Despite the growing challenges associated with capability gaps and technology changes, companies are making progress at maintaining and building their risk management competencies. PwC's survey respondents reported being the most satisfied with their auditing non-financial performance (61 percent) and their risk identification, tracking and monitoring processes (60 percent). "While our survey shows that satisfaction is on the rise, many areas still need improvement. Respondents reported being the least satisfied with their abilities around risk forecasting and scenario analysis as well as building up the risk function and resources," said Simone.
While improving competencies is an important step in closing capability gaps, survey respondents have made or are planning to make broader changes in the next 18 months including, according to PwC's survey:
- 84 percent plan to create a risk-aware culture, making risk management a priority for people at all levels of the organization
- 82 percent plan to develop processes to identify and monitor risks, including non-traditional risks
- 79 percent plan to conduct more non-financial audits to ensure that emerging threats like cyber-security are being addressed
- 79 percent plan to integrate risk and business strategies, ensuring that risk is factored into all strategic decisions
"Executives are working to close the capability gaps they've identified, and agree that close collaboration between risk-related functions is vital to ensure a shared view of business risks across the enterprise," said Brian Schwartz, PwC's US Risk Assurance Governance Risk and Compliance leader. "However, they may be missing a key issue - a sharp disconnect between top management and the risk and compliance functions. Not only are they disagreeing on the type and degree of key risks facing a company, but also about the organization's capabilities."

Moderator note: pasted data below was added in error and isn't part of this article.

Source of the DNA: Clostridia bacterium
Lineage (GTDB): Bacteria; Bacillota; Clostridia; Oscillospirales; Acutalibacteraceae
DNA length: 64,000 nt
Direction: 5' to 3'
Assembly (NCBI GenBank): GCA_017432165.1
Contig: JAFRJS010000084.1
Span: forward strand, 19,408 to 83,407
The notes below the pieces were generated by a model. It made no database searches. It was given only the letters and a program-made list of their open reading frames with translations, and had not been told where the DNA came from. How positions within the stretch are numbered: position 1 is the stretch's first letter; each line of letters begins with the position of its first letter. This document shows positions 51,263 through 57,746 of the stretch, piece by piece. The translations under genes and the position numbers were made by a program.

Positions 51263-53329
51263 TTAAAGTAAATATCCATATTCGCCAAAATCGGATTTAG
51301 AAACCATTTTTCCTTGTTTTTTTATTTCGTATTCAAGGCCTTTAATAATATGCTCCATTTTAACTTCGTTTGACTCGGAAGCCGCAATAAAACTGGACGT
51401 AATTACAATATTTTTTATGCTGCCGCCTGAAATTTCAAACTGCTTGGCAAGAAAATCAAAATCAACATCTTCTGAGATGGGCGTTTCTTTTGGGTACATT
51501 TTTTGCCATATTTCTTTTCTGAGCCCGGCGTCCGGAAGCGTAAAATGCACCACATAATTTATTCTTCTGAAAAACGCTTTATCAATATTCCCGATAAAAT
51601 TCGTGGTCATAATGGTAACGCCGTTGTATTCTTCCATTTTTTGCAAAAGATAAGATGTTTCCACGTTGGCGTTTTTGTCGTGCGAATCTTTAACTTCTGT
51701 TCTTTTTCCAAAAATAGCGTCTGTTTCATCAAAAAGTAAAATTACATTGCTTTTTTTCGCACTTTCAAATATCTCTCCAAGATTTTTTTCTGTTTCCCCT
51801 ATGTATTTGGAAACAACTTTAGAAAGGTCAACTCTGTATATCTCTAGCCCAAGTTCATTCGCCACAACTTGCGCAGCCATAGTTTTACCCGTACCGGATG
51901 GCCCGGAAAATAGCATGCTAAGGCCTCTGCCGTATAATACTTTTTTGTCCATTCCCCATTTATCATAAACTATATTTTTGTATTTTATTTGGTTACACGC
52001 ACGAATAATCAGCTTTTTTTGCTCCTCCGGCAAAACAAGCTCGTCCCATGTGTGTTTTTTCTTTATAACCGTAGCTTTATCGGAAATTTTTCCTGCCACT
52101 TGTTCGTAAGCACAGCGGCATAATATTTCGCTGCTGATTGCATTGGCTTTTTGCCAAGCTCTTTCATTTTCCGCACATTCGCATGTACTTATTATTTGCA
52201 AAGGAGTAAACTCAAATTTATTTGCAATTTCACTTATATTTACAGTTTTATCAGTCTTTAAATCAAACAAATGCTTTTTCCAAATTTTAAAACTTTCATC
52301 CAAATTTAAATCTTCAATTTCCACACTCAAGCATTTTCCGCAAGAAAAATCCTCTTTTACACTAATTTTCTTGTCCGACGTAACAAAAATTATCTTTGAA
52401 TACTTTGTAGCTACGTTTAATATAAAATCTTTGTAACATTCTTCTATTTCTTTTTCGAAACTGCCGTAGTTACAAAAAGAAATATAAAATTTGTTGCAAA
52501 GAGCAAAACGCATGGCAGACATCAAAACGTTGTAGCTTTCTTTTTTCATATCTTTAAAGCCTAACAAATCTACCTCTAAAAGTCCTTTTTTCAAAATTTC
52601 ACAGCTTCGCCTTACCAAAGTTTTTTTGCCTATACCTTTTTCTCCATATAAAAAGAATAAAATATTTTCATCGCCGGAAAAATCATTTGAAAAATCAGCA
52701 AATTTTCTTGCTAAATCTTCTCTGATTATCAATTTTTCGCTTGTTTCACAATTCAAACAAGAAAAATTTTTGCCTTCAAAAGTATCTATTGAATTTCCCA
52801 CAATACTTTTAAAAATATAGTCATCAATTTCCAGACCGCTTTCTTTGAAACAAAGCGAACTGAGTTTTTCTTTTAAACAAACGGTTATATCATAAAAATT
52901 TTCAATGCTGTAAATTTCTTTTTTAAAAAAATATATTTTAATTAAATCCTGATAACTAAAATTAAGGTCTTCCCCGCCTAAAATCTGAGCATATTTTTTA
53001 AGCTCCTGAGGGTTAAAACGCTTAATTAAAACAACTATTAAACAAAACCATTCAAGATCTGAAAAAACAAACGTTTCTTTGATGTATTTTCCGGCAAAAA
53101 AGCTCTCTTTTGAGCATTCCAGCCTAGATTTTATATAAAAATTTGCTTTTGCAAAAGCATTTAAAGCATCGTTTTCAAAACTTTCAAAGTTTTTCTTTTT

Concerns remain that collaboration among the three lines of defense (business units, risk and compliance and internal audit) in identifying, monitoring, and effectively managing critical risks is still not deep enough, with 60 percent of survey respondents concerned that a lack of collaboration could be exposing their company to capability gaps. "On the bright side, respondents did report a great deal of progress in fostering broader alignment between risk management and functions traditionally considered its partners, including internal audit, finance and compliance. Establishing and leveraging a cross-functional, collective view of risk in the organization is one of the pillars of true risk maturity," said Jason Pett, PwC US Risk Assurance Internal Audit Services leader.
Becoming a "risk leader," or a risk-mature firm, involves creating a risk-aware culture and improving risk processes and skills by upgrading and leveraging risk tools and systems. According to PwC's survey, risk leaders are 59 percent more likely than others to be improving analytic tools, building an integrated risk data warehouse (52 percent) and upgrading regulatory and tracking systems (44 percent). Risk leaders have also made significant progress in developing the capability to identify and track risks across the organization, conducting more non-financial audits and devoting more attention to monitoring emerging risks.
"Continuing business transformation and the capability gaps created by heightened external and internal change make it urgent that organizations improve their risk management maturity. Risk management is about sustainability; making sure the odds favor the company's survival. This means continuing to look forward and becoming ever more sensitive to emerging and complex risks," concluded Simone.